The Piazza San Marco (named after the evangelist, Christian protector of Venice, St. Mark) is located on the edge of the Grand Canal and is the heart of the city of Venice. There is St. Mark's Basilica, St. Mark's Campanile and the Doge's Palace.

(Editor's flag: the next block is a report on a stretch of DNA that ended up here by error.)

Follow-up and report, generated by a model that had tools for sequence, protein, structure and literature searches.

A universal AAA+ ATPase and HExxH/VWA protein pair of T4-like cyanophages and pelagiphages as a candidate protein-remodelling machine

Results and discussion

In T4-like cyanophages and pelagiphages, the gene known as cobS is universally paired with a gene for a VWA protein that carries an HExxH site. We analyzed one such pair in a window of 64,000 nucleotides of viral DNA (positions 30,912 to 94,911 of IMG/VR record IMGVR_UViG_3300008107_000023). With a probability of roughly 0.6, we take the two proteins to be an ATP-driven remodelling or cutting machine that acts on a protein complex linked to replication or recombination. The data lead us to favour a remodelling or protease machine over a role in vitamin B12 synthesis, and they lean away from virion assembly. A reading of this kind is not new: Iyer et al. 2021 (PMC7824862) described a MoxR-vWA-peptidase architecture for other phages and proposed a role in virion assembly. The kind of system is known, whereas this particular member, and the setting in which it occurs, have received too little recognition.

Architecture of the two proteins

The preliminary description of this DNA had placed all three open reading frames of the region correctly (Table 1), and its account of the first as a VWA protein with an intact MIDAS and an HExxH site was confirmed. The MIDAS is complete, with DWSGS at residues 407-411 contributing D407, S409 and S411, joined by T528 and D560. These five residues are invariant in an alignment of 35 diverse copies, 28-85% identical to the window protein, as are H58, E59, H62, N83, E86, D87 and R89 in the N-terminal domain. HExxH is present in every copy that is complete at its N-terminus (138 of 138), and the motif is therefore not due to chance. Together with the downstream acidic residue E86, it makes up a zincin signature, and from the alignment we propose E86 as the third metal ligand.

This square, the only one to merit this title (piazza) in Venice, all the others being called campo, forms an irregular quadrilateral lined with arcades and remarkable monuments (notably the Procuraties). Its arcades are home to cafes and tourist shops, including the famous Caffè Florian of 1720 with its symphony orchestra on the terrace. The part of the square that joins the Grand Canal, between the Doge's Palace and the Marciana Library is called "Piazzetta San Marco". Since the end of the twelfth century, it has had two columns surmounted, for the left one, the bronze winged lion of St. Mark the Evangelist, and the right one of St. Theodore in marble. A superstition would like a true Venetian never to pass between the columns. It is possible that the fact that once was the place of executions is for something.© Photo of Emmanuel Buchot
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